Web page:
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Massive overhaul of Irish speed limits will see 30 km/h maximum on many roads

Increased driver penalties have been recommended to Government to enforce proposed speed limit changes.

 A SPEED LIMIT of 30 km/h is to be recommended for many roads across Ireland in one of the biggest overhauls of speed limits the country has ever seen.

The speed limit of 30 km/h will apply to all urban centres, residential roads, and anywhere with a lot of pedestrians or cyclists. In practice, this will include many parts of Dublin as well as town and city centres across the country. 

The recommendations are in a review of speed limits, seen by The Journal, which is to be published today by the Department of Transport.

There would be exceptions for national, regional, arterial, and key public transport routes, where it’s recommended the speed limit will be 50 km/h.

Certain ‘transitional’ routes would have limits of 60 km/h, while higher limits will still apply on motorways, some dual carriageways and other main routes. 

In rural areas, the report says default speed limits should remain as they currently are on most rural roads – but drop to 80 km/h on national secondary roads, where the limit is currently 100 km/h.

On local roads, the limit would drop from 80 km/h to 60 km/h on many routes. 

It is understood that the Government’s view is that while a reduction in speed limits will help reduce road traffic accidents, it will only be effective if introduced alongside an effective communications campaign and significant enforcement measures. 

As part of these enforcement measures, a nationwide rollout of average speed cameras and increased driver penalties will also be considered.

Expected next year 

The report was written by a working group comprising people from the NTA, the RSA, An Garda Siochána and Transport Infrastructure Ireland, among others, who were tasked with reviewing the framework for speed limits on Irish roads.

It is understood that the Government hopes to have legislation in place in the first three months of 2024 and that the new speed limits will be implemented later that year.

Minister of State at the Department of Transport Jack Chambers said the review has been carried out over the past two years.

The review’s publication comes after a number of tragic road fatalities across the country.

So far this year there have been 127 deaths on Irish roads, which is 23 more than the same period in 2022 and 38 more than the same period in 2019.

One-third of deaths this year have been people under 25. Approximately a quarter (29) were pedestrians.

Average speed cameras and enforcement

The report says that enforcement of stricter speed limits is a challenge partly because of the extensive road network.

It recommended that in order to enforce these proposed new limits, a pilot rollout of mobile average speed cameras should be implemented across the country, specifically in at-risk locations such as roadworks, schools and shared use zones.

Average speed cameras, which are currently used in the Dublin Port Tunnel, measure the time of travel by a vehicle between two points on the road and calculate the average speed. 

Used internationally for some time, average speed cameras have been successfully used in Ireland on two sections of motorway to date and have shown an improvement in safety and speed reduction, according to the report.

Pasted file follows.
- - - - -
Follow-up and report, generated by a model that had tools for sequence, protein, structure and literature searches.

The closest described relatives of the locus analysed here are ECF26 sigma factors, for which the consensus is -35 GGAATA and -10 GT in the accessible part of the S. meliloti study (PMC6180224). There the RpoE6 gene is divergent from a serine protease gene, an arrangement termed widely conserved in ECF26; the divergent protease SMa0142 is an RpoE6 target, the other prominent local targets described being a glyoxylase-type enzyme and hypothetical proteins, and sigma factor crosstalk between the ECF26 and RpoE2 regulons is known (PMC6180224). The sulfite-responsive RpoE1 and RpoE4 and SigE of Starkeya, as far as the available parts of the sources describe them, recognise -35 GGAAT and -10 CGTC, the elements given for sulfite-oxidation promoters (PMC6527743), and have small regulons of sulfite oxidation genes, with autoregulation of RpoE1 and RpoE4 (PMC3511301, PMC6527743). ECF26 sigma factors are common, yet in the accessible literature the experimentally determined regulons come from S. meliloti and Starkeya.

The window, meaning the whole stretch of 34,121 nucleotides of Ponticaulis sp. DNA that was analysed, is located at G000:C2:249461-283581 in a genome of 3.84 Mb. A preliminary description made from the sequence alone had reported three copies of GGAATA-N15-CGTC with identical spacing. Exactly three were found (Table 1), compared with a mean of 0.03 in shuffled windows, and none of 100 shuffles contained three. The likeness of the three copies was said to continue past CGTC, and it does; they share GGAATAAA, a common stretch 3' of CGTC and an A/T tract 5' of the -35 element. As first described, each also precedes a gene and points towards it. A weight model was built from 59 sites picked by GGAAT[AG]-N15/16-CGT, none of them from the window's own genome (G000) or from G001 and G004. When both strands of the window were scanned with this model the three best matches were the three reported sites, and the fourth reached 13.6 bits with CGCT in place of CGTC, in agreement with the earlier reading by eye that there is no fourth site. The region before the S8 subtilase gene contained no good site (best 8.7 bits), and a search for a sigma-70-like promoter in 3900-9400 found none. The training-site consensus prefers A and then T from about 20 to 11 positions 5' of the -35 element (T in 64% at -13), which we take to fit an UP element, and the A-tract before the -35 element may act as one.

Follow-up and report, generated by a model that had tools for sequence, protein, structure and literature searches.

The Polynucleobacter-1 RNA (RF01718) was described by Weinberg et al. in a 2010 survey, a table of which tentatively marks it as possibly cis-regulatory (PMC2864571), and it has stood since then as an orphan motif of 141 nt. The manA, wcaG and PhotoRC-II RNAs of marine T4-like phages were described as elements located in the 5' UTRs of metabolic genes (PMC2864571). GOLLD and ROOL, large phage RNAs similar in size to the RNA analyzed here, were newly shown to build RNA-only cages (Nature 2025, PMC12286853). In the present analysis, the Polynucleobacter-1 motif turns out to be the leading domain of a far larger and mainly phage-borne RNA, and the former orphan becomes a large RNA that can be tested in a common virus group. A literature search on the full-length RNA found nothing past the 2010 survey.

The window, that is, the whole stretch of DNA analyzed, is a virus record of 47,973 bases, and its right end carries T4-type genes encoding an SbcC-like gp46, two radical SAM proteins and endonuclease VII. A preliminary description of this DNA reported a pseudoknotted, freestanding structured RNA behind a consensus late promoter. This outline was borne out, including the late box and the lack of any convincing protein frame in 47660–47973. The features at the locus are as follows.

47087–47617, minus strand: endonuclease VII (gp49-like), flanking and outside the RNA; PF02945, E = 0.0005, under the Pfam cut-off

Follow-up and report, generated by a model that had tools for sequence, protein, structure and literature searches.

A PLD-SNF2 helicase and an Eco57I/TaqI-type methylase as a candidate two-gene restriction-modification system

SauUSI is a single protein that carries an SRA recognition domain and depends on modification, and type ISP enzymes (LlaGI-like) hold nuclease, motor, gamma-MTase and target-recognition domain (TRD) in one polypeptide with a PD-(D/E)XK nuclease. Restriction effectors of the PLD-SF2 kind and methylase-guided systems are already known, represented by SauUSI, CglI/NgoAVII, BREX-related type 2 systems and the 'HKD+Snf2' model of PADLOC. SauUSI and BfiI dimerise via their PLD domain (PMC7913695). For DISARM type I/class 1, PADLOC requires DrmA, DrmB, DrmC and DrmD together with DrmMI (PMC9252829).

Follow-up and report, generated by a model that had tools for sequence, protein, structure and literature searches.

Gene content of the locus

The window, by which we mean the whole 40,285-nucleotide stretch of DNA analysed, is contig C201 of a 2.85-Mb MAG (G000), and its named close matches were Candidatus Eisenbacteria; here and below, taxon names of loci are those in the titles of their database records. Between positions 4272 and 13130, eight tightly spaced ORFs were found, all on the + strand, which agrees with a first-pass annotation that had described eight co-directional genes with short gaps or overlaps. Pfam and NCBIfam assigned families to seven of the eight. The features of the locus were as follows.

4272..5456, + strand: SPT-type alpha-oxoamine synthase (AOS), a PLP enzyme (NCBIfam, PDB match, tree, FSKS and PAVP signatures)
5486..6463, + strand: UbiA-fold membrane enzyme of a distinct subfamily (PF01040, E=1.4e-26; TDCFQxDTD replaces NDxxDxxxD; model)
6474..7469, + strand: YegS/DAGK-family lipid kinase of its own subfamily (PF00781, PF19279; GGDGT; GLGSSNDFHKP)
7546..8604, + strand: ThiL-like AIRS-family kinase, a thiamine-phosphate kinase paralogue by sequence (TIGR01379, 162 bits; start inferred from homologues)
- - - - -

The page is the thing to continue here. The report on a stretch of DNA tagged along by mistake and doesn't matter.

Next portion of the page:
As well as improving safety, average speed cameras can help reduce emissions as drivers will both drive within the speed limit and at a consistent speed which has been shown to improve efficiency compared to constant acceleration and braking.

Justice Minister Helen McEntee has said that the use of speed detection cameras on Irish roads will increase by 20%, with the Minister adding that she would be supportive of any measures that would “change people’s behaviour”.


The report says that the main objective of the Speed Limit Review is to improve safety on Irish roads and reduce road deaths, with environmental considerations seen to be a co-benefit.

The relationship between the speed a vehicle is travelling and the level of greenhouse gas emissions, including CO2, that are produced is roughly ‘U-shaped’ – this means emission rates are at their highest at lower speeds and reduce as speeds increase to between 60km/h and 80km/h. After this they begin to increase again.

The report notes that as more cars are electrified over the coming years, any potential reduction in emissions associated with the speed limit changes will diminish.

It also points out that a reduction in speed limits will have a positive impact on noise pollution which has wide-ranging adverse health, social and economic effects.

It also says that the speed limit for a road is the maximum legal speed, but “not necessarily the safe speed at which a vehicle should be driven”.

The report suggests that the changes should be brought in within the next two years, beginning with the 30 km/h limit for urban roads.

In order to effectively implement the new speed limits, the report recommends that a definition of ‘built-up area’ and ‘urban area’ be set out in legislation.

There is no current definition of an urban area for the purposes of setting of speed limits, however a methodology for defining villages and small clusters was developed for the Guidelines for Setting and Managing Speed Limits.

Today’s report recommends that an updated definition should be developed for defining an Urban Area that builds upon the existing approaches.

With additional reporting by Christina Finn

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